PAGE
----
SJD: Your subject matter centers femmes, particularly sad femmes. Why do you choose to give this subject visibility?
BW: I’m a sad femme, so I paint sad femmes. I guess art imitates life or whatever. I’ve always listened to sad music and read sad books and watched sad movies because that’s where I feel comfortable, so I guess the art I create takes after that. While I do paint sad femmes, I also like to incorporate some element of strength in the vulnerability. Putting my subjects in uncomfortable places while staying strong or unaffected. I like the duality of a soft body with pastel hair and gaping wounds, surrounded by danger.
SJD: Who do you consider to be your audience? What do you want them to feel?
BW: When I make art I’m not really thinking of the viewer or the audience, I just kind of make it. Showing my art in a gallery or vending setting is really interesting though, to see people’s reactions and insights, what they take away from it. Usually cis-het men will be super disgusted and freaked out, which I love, but middle-aged women love my work. They see it as really empowering. I love that my naked femmes subvert the male gaze, while other people often see something they admire or find strength and beauty in.
SJD: Your work is very colorful and bold. When you begin a piece, do you already know where it is going to go?
BW: I almost never know what a piece will be until it’s finished. Sometimes I’ll get inspired and feel the need to paint something specific, but I then have to figure out how to give that context in one of my pieces. It’s a really organic process that doesn’t have much structure to it. There are things I really like to incorporate, something that makes the piece morbid or unsettling, but I definitely don’t have any hard rules when it comes to that.
SJD: What is your process like? What inspires you to begin creating?
BW: Usually I just have an urge to draw. I like to think of it like craving food; sometimes I crave something sweet or maybe something salty but it’s rare I know exactly what I want to eat. It’s the same with making art, sometimes I’ll be inspired by a color or a feeling but not really know what it’ll be until I’m actually sketching it out or painting.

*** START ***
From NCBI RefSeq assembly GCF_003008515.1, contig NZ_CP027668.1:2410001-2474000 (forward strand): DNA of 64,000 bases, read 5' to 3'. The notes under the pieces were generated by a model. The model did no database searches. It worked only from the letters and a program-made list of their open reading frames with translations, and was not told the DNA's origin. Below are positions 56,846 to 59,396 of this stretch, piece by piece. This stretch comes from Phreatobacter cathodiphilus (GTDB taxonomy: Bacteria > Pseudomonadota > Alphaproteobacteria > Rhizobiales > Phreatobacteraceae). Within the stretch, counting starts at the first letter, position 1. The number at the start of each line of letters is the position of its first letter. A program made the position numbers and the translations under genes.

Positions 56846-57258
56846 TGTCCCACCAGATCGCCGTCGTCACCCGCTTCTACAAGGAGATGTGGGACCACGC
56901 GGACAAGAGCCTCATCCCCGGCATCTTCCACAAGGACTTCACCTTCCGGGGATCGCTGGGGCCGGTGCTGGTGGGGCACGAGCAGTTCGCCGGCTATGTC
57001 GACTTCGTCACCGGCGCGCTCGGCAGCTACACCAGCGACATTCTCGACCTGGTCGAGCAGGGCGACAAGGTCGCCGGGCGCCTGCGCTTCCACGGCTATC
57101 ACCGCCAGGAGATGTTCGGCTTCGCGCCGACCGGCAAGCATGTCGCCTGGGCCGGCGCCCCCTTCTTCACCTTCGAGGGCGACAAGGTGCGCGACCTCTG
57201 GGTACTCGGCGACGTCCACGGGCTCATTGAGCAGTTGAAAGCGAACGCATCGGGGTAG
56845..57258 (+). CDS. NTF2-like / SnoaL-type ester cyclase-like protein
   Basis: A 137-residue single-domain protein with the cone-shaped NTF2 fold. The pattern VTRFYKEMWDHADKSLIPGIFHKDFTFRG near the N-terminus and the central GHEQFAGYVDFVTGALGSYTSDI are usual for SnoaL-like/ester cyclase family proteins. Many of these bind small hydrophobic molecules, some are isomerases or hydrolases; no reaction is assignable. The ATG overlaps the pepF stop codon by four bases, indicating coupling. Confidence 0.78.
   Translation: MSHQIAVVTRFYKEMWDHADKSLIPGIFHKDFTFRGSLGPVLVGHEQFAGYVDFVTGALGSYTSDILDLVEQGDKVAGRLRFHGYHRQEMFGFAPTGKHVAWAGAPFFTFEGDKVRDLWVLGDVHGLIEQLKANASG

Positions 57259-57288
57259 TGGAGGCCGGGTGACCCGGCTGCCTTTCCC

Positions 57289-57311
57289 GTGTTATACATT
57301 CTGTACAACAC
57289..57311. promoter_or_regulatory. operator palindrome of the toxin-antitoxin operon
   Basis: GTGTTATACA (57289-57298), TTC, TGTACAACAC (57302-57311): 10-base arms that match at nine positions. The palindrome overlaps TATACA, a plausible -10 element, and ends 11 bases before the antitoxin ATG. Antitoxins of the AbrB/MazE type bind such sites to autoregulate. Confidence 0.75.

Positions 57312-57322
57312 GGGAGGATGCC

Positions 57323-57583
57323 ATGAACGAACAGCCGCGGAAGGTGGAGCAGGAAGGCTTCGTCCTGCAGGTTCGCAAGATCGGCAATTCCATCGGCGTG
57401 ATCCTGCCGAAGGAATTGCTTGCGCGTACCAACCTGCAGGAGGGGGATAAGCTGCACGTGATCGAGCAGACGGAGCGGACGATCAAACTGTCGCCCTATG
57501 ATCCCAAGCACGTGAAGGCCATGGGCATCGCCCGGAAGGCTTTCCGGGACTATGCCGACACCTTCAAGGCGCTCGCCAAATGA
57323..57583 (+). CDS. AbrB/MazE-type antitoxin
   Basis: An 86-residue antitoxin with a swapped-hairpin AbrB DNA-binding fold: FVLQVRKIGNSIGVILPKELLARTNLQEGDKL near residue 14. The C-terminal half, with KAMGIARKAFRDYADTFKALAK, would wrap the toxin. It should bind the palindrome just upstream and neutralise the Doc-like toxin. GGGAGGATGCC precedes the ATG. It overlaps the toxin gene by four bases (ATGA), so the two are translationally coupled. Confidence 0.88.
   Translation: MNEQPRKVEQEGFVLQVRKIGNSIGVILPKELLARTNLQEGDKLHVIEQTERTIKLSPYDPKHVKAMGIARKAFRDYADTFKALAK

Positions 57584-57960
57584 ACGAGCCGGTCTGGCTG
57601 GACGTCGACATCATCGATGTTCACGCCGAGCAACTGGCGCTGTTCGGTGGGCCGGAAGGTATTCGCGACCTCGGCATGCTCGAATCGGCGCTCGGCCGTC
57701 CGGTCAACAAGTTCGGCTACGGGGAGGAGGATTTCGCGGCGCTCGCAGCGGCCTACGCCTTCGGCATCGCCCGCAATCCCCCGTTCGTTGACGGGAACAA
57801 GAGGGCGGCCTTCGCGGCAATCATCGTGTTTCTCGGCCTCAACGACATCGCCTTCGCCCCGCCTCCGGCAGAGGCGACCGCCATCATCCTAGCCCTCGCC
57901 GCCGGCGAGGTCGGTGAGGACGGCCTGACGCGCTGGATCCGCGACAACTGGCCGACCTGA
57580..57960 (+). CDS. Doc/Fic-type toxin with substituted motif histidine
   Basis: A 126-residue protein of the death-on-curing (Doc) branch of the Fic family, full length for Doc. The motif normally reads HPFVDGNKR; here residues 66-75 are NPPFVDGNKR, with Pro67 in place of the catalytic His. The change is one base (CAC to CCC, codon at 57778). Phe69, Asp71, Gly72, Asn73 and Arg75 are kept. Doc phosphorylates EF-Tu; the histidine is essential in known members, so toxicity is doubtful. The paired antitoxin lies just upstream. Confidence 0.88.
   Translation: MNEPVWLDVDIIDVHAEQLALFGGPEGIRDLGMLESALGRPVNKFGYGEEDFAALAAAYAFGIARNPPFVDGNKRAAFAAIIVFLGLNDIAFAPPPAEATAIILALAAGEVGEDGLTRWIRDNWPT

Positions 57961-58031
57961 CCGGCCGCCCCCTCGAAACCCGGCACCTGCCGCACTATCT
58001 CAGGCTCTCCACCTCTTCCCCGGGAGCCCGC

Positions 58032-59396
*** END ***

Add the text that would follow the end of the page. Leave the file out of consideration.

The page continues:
SJD: Do you work with models?
BW: I generally collect reference images or take them myself, but don’t use live models for my pieces.
SJD: What would you like to see more of in the visual art world?
BW: I’m not going to lie, I don’t follow the art world too closely, [only] with certain artists I follow and really admire. That said, there is so much incredible art out there, and I’m really glad to live in a time when so many people’s work is accessible to view. I think there is a niche to be found for any kind of art you’re into, and I’m not sure the visual art world is lacking anything if you are willing to dig.
SJD: What would you like to see less of?
BW: I think that the world of gallery shows can be a bit ostracizing and unwelcoming if you don’t know how to really put yourself out there, which I know is a hindrance to me as an artist. So perhaps less pretension and more accessibility for young or uneducated artists.
SJD: What projects are you really into right now that you think our readers might enjoy?
BW: I’m lucky to be surrounded by a bunch of super creative friends and talented friends whose work I’m really in love with. My buddies Tavo and Helen make incredible hand-cut metal jewelry that also incorporates ethically sourced bones and plants they find hiking. You can find their stuff on instagram.
SJDL Where can we see your work and how can folks get in touch if they’d like to commission a piece from you?
BW: Unfortunately, right now I don’t have an online shop up. I’m in the process of trying to find a good local shop to make prints of my pieces to make buying them more accessible, and when I do I’ll be sure to let people know on my active social media. But I do have Facebook and Instagram and a Tumblr. If anyone is interested in a commission or original piece, send me a message on any of these platforms.